joyful anarchy of a moving group
There was an uncomfortable feeling of unease about Sunflower Bean’s second album, “Twentytwo In Blue.” Released in 2018 amid much political turmoil, the troubled coming-of-age record saw the New York rock band struggle with their place in the world as they questioned relationships, role models and the rebellion. When it was released, they quickly discovered that they weren’t the only ones feeling so hopelessly frustrated (or frustrated and helpless).
As you’d expect, nothing in recent years has helped Sunflower Bean regain a sense of peace: new album ‘Headful Of Sugar’ is just as furious.
“TV drives me so crazy / NPR always tells me something wrong / Anything done in a boardroom goes straight to my head, singer Julia Cumming sneers on the scuzzy punk number ‘Baby Don’t Cry’. Elsewhere, the brooding, oppressive rock of “Roll The Dice” sees Sunflower Bean satirizing corporate greed, chanting “Nothing in this life is really free / I just want to win.”
Make no mistake, though – ‘Headful Of Sugar’ is never gloomy. The band created the record with a sense of “joyful anarchy,” they said, and the result is something raging with a wonderful sense of freedom. While previous records have been beautiful or delicate, there’s an infectious raw energy that runs through Sunflower Bean’s third album. “Tomorrow is not promised,” Cumming explained when the record was first announced. “Why not make a record that makes you want to dance?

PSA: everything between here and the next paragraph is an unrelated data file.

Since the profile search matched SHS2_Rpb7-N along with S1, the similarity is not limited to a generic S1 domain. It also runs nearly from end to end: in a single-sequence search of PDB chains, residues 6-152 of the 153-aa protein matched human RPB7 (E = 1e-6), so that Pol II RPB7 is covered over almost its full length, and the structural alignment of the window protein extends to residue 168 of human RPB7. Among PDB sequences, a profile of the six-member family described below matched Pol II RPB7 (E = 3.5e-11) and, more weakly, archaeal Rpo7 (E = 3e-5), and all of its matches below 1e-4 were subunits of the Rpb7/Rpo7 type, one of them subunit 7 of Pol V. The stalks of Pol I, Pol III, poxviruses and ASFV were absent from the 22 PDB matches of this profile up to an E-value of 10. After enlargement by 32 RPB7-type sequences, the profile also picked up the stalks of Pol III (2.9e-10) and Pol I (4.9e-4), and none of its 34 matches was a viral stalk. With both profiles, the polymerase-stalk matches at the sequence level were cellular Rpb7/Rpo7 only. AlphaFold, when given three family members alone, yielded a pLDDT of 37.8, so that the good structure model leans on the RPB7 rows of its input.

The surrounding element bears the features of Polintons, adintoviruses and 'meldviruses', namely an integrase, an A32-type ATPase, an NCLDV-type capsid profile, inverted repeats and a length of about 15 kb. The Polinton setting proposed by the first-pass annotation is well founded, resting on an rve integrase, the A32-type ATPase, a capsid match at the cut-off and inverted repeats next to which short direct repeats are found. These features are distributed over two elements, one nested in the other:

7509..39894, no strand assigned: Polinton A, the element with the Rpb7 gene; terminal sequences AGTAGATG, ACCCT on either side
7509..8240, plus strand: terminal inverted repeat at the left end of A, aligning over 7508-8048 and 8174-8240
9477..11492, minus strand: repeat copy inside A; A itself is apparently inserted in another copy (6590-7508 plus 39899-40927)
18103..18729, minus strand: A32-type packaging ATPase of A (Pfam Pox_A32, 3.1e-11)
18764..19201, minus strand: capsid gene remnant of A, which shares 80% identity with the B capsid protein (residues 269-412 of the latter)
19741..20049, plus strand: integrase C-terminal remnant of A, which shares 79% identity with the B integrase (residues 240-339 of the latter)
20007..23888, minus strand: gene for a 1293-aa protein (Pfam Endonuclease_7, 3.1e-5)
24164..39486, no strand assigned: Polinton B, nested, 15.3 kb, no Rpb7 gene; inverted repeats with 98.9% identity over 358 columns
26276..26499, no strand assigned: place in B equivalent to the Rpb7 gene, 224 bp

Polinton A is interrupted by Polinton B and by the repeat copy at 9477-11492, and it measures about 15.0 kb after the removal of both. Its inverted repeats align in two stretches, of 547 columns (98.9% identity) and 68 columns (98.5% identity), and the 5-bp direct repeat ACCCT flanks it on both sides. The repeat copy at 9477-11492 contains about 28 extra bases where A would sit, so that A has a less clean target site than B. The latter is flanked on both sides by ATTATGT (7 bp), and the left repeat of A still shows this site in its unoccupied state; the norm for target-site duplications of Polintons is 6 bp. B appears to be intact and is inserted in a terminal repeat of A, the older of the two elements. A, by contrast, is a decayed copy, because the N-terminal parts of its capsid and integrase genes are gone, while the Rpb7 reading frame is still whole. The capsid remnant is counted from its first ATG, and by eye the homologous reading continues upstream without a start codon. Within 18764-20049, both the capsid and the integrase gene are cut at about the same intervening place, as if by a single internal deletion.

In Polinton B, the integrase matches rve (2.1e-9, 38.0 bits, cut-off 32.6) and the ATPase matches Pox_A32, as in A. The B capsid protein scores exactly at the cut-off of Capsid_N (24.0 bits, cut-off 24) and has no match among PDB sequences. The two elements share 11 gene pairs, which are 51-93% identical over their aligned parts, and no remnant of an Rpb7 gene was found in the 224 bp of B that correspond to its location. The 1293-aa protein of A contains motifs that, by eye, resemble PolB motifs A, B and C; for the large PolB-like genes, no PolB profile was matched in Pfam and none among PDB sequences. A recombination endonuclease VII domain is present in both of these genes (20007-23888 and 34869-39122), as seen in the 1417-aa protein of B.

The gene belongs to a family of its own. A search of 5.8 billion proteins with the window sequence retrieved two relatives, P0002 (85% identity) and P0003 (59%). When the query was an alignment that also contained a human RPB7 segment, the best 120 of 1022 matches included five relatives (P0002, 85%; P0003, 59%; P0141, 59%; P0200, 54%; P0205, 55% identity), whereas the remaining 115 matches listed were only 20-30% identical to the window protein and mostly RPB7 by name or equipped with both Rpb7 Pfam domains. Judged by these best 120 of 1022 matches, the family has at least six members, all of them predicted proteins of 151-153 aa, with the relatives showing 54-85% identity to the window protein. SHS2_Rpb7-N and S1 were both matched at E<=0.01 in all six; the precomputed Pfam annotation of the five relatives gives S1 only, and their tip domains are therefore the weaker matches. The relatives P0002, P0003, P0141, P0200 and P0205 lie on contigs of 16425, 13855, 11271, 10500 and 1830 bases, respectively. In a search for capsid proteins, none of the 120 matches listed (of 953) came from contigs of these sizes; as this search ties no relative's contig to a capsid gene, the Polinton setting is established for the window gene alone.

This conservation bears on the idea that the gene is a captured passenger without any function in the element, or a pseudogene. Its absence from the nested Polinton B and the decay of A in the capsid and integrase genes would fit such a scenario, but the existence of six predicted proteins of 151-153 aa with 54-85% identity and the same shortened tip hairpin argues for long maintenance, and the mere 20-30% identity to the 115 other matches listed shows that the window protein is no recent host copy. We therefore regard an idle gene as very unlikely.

“Who Put You Up To This” draws the listener into this evolved form of Sunflower Bean, a growling folk-rock song that soon switches the wheel to an incredibly funky guitar line, while the urgent “In Flight” flirts with small-town nihilism but ultimately exudes a dizzying sense of escapism that would make Gorillaz proud. After that, Sunflower Bean really lets loose.
“Beat The Odds” draws inspiration from 2000s indie, “Post Love” is pure disco-pop while the title track is a rumbling R&B track cut with screaming electric guitar and Ray Guy synths. The lyrics are equally daring, as the band remains resolutely upbeat throughout. “I don’t care what tomorrow thinks / Today I’m totally mine,Cumming sings on the chirpy emo banger ‘I Don’t Have Control Sometimes’.
On ‘Twentytwo In Blue’, Sunflower Bean was terrified of the future, but ‘Headful Of Sugar’ sees the band more confident and in control. Using those feelings of helplessness as fuel for the fire, this album is full of strength, empowerment, resilience and joy.
Release date: May 6
Record company: lucky number